Texas, North and South Dakota, Utah, North Carolina, California, Tennessee, Montana, Wyoming, Iowa and Arkansas were named the top housing markets for good health and building real estate wealth by RealtyTrac and Local Market Monitor.
The health and wellness report highlights important factors linked to health and wealth to help families before they decide to buy a home in a particular market.
“Affordable homeownership with significant upside, robust economic growth and an active outdoor lifestyle are meaningful factors for all homebuyers, especially for families looking to relocate from other parts of the country,” said Steve Roney, CEO and Owner of Prudential Utah Real Estate. “With two of our largest metropolitan markets in the top 12 markets nationwide, Utah is clearly a desirable place to live and buy a home.”
RealtyTrac based its health ratings on 10 factors from the company’s data across three major categories. Each factor is then compared to an average across a large number of U.S. markets. For the top 22 picks for home price appreciation, wealth ratings were included. Combining these factors, 12 markets were selected as the best markets for both good health and building real estate wealth.
“RealtyTrac recognized that, while health is extremely important to many families, it can be difficult to choose a market based on overall health because there are many different factors,” said RealtyTrac Chief Economist Jake Adger.
Over the past couple of years, home prices have bottomed out in most local markets and are finally turning around. In many places, where prices are well below levels that are considered normal, this upswing will be more dramatic - not boom levels but the levels that local income can support. The economic recovery coupled with very little construction in the past five years will provide a have a highly favorable situation for anyone looking for sustained increases in home value.
“We are at a stage of the economic cycle where there are more positive than negative factors in front of us,” said Ingo Winzer, president at Local Market Monitor. “Despite the somewhat modest national recovery, there are plenty of local markets with excellent economic growth and good potential for the long run. These are places where you'll like to live, not just because investments in real estate or local businesses are more likely to be successful, but because they are dynamic places.”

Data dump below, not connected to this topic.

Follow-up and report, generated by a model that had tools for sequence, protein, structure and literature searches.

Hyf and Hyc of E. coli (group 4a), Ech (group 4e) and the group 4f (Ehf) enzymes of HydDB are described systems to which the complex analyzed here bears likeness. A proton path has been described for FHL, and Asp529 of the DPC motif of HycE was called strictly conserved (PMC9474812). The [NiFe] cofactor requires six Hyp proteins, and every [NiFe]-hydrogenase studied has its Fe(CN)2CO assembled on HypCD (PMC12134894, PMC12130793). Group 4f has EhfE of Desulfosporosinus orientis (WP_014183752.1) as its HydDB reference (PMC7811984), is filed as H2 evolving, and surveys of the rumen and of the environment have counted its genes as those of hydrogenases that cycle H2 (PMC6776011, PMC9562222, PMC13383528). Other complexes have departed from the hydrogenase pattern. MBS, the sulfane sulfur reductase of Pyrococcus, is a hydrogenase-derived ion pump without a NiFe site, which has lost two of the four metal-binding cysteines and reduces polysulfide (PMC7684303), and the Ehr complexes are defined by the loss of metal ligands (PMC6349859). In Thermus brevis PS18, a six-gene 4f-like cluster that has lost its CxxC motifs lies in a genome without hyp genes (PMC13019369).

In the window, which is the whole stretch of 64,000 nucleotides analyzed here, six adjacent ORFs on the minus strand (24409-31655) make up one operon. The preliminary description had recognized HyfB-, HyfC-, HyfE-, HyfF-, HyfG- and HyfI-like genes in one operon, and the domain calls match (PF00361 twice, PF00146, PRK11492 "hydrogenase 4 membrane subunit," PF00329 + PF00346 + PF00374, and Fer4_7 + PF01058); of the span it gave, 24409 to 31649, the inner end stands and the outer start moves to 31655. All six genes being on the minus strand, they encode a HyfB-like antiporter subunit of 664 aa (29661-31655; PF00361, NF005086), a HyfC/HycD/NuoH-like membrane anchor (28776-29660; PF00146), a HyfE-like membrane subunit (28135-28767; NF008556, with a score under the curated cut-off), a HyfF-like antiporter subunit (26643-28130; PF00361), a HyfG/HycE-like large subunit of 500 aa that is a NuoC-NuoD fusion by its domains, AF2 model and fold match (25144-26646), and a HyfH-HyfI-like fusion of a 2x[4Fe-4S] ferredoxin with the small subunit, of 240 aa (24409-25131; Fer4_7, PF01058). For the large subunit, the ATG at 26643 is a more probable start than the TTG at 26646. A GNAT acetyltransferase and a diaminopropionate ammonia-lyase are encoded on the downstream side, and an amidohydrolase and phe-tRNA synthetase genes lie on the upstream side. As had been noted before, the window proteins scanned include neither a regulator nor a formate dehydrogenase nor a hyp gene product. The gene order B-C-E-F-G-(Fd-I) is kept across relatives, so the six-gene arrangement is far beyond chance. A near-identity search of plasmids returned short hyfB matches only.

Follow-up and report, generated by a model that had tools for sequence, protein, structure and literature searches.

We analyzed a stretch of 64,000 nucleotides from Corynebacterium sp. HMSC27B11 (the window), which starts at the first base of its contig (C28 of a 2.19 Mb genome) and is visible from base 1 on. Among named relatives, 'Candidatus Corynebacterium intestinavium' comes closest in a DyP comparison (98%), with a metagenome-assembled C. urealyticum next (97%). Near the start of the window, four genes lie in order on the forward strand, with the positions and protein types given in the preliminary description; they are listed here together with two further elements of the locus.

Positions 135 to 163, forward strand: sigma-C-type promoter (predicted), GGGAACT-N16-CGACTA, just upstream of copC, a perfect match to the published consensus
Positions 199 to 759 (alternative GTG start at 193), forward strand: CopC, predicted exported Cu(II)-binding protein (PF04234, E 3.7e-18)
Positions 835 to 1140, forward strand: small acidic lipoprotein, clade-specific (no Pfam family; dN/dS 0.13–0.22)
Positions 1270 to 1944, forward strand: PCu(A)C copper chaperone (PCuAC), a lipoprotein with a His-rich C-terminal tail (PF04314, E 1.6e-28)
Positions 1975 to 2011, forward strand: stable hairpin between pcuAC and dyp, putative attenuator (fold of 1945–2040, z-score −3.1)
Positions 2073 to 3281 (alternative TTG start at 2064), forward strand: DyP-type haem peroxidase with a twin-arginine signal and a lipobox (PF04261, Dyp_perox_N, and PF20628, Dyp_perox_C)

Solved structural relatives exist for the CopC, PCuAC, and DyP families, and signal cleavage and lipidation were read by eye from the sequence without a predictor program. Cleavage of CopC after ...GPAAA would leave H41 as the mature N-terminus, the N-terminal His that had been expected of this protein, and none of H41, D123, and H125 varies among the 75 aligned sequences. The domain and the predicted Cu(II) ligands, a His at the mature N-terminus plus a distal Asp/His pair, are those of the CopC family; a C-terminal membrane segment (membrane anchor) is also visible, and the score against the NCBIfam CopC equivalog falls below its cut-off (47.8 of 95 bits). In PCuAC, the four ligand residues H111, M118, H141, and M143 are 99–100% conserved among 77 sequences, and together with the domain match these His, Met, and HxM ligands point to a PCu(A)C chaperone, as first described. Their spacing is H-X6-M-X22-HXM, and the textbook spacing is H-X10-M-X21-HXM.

“We've never seen a real estate recession — call it a crash — like the one we just went through,” Winzer continued. “The good news is that there are local markets where the crash is not only over, but where the lack of home construction in the last five years and a resurgence of economic growth will create a shortage of housing and a surge in home values.”
The overall health rankings provided by RealtyTrac offer an easy way to compare general health factors without obscuring the underlying data. A certain area's activity rate, supply of fast food restaurants, smoking rate, and heavy drinking rate are summarized into the category of lifestyle.
Lifestyle is always dependent on the individual; however, homeowners may prefer markets with a healthy lifestyle because habits can “rub off.”
Some habits that promote good health, as activities like running or cycling that are popular pastimes in certain markets, can rub off on residents. On the flipside, habits that can result in poor health — such as frequent fast food dining or smoking — become popular, they can rub off as well.
In the health ranking, the chronic disease category is made up of diabetes, obesity, heart attack, and asthma rates. Chronic disease rates vary for a variety of reasons. Environmental factors tend to be ignored until there is a problem. Radon and air quality make up the environment category.
“While families have many good options across the country in terms of places where healthy living is evident and the prospect of appreciating home prices is solid, there are some markets that clearly stand head and shoulders above the rest,” said Daren Blomquist, vice president at RealtyTrac.